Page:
Mike Blake: [00:03:24] And so, this notion of social impact investing where you harness the tremendous power of capitalism – and I’m by no means one of these guys who think capitalism is perfect and doesn’t need tweaking, adjusting, et cetera – but there’s no denying that capitalism has delivered the goods, if you will, in a lot of ways to pretty much everybody on the planet that has allowed capitalism to function. And so, it’s only natural that we kind of look at, “Well, how can capitalism that has been so effective at driving innovation, for example, and has been effective for the most part in persistent increases in standard of living? How can we harness that for social impact as well?” And so, you know, it’s a very interesting model.
Mike Blake: [00:04:22] And you also hear these terms of something called a double bottom line or a triple bottom line where, you know, investments are judged not purely on the financial return – although a financial return is required or you’re not sustainable – but also looking at what is the social impact, what is the environmental impact both from an ecological and an economic standpoint? And so, you know, that sort of is out there and I think it’s a really interesting topic. And, again, I think with the coronavirus pandemic, I think it takes on a certain additional importance that maybe it did not have heretofore.
Mike Blake: [00:05:06] So, we are very fortunate to have Mark Crosswell, who is joining us today, who is Managing Director of Social Impact Strategy of the GoATL Fund at Community Foundation for Greater Atlanta. Mark leads the Community Foundation’s Social Impact Initiative, designed to accelerate the pace of social innovation in Atlanta by connecting capital to causes we care about. With a background in banking, corporate finance, and M&A, Mark is an entrepreneur at heart and has started investing and managed numerous businesses, we’re going to talk about that. In 2015, he joined Points of Light to lead strategy and venture development for the Civic Accelerator, which trains, scales, and invests in innovative social ventures around the country. With passions for youth development, education, and the environment, Mark has been active in the nonprofit community in Atlanta for decades. In his spare time, Mark enjoys backpacking, trail running, biking, skiing, fishing, and coaching youth sports. Mark graduated from the University of North Carolina Chapel Hill. Mark, thank you for coming on the program.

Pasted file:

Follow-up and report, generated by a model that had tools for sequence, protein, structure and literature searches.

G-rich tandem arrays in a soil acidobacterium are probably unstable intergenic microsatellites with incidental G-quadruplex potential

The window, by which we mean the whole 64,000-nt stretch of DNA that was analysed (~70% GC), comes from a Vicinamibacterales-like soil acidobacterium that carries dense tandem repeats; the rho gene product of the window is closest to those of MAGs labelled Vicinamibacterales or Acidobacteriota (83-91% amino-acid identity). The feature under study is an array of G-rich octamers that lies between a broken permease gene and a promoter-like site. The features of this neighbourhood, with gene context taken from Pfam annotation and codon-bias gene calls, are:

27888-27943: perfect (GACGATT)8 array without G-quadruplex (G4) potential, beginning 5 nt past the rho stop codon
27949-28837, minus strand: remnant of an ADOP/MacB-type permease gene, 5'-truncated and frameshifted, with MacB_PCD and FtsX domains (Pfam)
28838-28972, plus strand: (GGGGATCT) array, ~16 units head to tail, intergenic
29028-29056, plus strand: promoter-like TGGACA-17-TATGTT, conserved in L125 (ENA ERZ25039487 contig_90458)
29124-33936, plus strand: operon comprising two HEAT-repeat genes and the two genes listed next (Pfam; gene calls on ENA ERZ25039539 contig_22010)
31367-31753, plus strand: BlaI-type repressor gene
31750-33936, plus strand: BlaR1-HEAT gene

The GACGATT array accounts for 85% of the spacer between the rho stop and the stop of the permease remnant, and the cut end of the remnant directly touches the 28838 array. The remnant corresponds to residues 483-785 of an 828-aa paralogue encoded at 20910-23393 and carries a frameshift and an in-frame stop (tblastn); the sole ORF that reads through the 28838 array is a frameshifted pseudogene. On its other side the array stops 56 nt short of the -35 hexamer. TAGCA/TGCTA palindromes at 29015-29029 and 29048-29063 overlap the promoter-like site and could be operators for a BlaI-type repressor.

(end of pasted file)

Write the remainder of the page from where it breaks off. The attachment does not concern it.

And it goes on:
Mark Crosswell: [00:06:10] Thank you, Mike. I appreciate the chance to join you.
Mike Blake: [00:06:13] So, before we really dive into this, you’re also involved in the Georgia Social Impact Collaborative, and I want to make sure that we have an opportunity for you to talk about that and educate our listeners on it. What is the Georgia Social Impact Collaborative and why is it so important to you?
Mark Crosswell: [00:06:34] You know, even before I joined the Community Foundation and launched our Impact Investing work, we realized that Georgia, just like many of the states in the South, is lacking in capacity for impact capital or creative capital that’s focused on social outcomes. So, a group of us, a number of leaders from various sectors, launched – we’ll go with GSIC – Georgia Social Impact Collaborative as a way to connect and educate stakeholders of all kinds. We work with investors from private sector, philanthropy, public sector, as well as social entrepreneurs, and accelerators, and incubators, and all the stakeholders who are trying to draw capital to social causes. So, it’s been at work for four years and it’s been important for developing the ecosystem for impact investing.
Mike Blake: [00:07:30] So, tell us about the Community Foundation and why it wanted to get into impact investing.
Mark Crosswell: [00:07:40] You put it out in your commentary, Mike, that impact investing has been an increasing trend for the past ten plus years, and that’s absolutely true. In fact, it’s been double digit. Community foundations tend to be some of the more critical ecosystem level support organizations for nonprofit communities and in place based settings. And Community Foundation for Greater Atlanta is the same, been around for 70 years. We happen to be in tune in donor capital that we manage. And then, we grant about $140 million a year to the Metro Atlanta area nonprofits.